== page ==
Brazil's Inertial GDP

April 3, 2015

"Inertia," a widespread term among physicists and economists, is the state of immobility that may characterize an object. Applied to inflation, it means the tendency of prices to remain high, even if the government is actively engaged in bringing them down. Brazil has suffered from greater inflationary inertia in the past than current evidence would suggest. However, domestic prices continue to be stubbornly inert. Part of the reason is that informal indexation mechanisms still prevail as defense strategies against the country's longstanding foe. Adding insult to injury, in recent years the Brazilian government reintroduced perilous formal indexation mechanisms that increase price resistance—backward-looking rules for minimum wage adjustment are an example of this.

According to several empirical studies, Brazil's total factor productivity is stagnating.

But this is not yet another article about inertial inflation. This is a brief reflection on another inertial object that has become ever more rigid in Brazil: GDP—the GDP that barely moves, that cannot change its speed or direction. I am not speaking of the results for 2014, recently published by the National Statistical Office, the IBGE—0.1 percent growth is inert by any measure, but it is also a reflection of the deep imbalances that were diligently construed over the last four years, as are current expectations that the economy will shrink this year. While all of this is obviously relevant, the GDP that matters is not that of some particular occasion or of certain points in time. The GDP that really matters is that which reflects a country's potential, the ability to grow when problems facing the economy are not as daunting as those that currently plague Brazil. This is a loose definition of what economists call potential GDP.

What is Brazil's potential GDP? As economists are always keen to stress, potential GDP is a theoretical construct, one that does not easily lend itself to quantification. That said, attempts to quantify potential GDP are key to formulating and calibrating macroeconomic policies. During the boom years that marked the pre-Dilma period, many believed that Brazil had the potential to grow some 4 or 4.5 percent without creating additional inflationary pressures. The last four years, during President Dilma Rousseff's first mandate, everything changed. Some of the same analysts who believed in the country's 4 percent potential no longer expect that the country can grow more than half of that.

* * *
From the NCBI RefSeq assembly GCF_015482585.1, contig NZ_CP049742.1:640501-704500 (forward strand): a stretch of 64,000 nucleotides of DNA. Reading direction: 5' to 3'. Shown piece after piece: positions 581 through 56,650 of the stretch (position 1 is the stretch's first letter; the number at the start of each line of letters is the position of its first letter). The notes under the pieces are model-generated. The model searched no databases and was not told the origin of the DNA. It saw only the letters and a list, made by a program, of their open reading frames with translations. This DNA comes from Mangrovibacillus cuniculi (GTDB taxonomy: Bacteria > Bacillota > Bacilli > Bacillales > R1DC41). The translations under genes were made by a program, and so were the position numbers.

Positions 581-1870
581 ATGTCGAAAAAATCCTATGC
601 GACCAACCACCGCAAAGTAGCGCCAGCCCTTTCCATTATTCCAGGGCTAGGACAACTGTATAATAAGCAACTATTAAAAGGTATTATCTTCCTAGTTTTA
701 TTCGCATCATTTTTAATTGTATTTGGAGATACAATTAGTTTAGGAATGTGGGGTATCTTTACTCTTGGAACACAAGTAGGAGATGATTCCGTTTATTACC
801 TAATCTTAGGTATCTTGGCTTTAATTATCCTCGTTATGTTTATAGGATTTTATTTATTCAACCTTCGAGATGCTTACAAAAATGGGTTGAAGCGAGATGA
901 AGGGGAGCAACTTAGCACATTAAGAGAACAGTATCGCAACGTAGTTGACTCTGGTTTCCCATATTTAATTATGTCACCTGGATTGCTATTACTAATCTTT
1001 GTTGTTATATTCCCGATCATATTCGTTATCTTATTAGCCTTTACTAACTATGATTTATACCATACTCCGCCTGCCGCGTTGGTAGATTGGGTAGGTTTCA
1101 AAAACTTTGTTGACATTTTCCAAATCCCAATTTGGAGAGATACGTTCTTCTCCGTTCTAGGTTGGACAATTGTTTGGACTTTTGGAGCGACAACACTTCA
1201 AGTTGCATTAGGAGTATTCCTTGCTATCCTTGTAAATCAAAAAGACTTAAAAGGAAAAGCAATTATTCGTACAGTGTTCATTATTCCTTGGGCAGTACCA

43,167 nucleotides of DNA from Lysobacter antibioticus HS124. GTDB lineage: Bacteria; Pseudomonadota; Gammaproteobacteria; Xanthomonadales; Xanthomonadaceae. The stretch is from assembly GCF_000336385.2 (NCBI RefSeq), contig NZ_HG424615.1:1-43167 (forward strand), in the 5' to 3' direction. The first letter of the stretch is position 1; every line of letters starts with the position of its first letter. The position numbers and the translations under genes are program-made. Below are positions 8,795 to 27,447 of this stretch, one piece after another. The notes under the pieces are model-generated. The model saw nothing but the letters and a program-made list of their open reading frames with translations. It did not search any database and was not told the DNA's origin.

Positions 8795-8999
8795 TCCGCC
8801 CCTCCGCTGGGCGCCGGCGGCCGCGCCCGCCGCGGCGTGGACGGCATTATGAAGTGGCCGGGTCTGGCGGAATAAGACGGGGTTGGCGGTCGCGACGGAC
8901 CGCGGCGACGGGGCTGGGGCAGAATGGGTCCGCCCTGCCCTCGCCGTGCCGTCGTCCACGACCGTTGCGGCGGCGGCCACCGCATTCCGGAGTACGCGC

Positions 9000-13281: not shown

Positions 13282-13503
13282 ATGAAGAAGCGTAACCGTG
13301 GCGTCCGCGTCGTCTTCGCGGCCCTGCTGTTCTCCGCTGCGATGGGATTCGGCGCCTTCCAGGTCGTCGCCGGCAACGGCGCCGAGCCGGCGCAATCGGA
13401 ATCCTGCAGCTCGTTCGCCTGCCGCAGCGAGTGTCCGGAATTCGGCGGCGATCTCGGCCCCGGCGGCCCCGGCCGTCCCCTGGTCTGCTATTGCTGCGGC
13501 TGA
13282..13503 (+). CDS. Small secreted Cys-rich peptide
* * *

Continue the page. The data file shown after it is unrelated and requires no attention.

Why? There are several ways to measure a country's potential GDP, from the most sophisticated empirical methods to the most intricate theoretical models. However, what all growth theories have in common is the idea that economies need productivity gains, an expansion of the workforce and effective capital stock increases—both human and productive—in order to grow. Separating each of these components to assess Brazil's growth trajectory leads us to a frustrating conclusion: The country's potential GDP is indeed inertial. According to several empirical studies, Brazil's total factor productivity is stagnating. Moreover, following an extraordinary period of sustained expansion, the workforce is likely to lose impetus, especially as the demographic dividend, the one that Brazil wasted so thoroughly, comes to an end. How did the country waste its demographic dividend? Mainly by not investing in the quality of education, thereby failing to build adequate stocks of human capital. As for productive capital? Productive capital, such as machines and equipment, needs investment. How can one envisage that investment will be restored in a country mired in corruption scandals, plagued by an inoperative government, and characterized as one of the most closed economies in the world? In light of the current political difficulties and hard budget constraints, elaborate plans to rebuild Brazil's infrastructure and transform the country into something more than a slogan—the "Educator Nation" ("Pátria Educadora") exhorted by President Rousseff—seem decidedly far-fetched. Rather, a more fruitful direction would appear to be a move towards greater trade openness and integration with the rest of the world. Opportunities abound, especially as trade accords such as the Trans-Pacific Partnership and the Transatlantic Trade and Investment Partnership start to come onstream. As many studies published by the Peterson Institute for International Economics show, there is a vast literature linking productivity and openness, openness and growth.

Unfortunately, Brazil is not there yet. The domestic debate is still caught up in discussing the inevitable fiscal adjustment: Is it good or not, will it redeem growth all by itself, or not? Unless Brazil moves beyond endlessly discussing well-established facts, the country might just be doomed to unduly suffer the malaise of inertial GDP.

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Monica de Bolle Senior Research Staff

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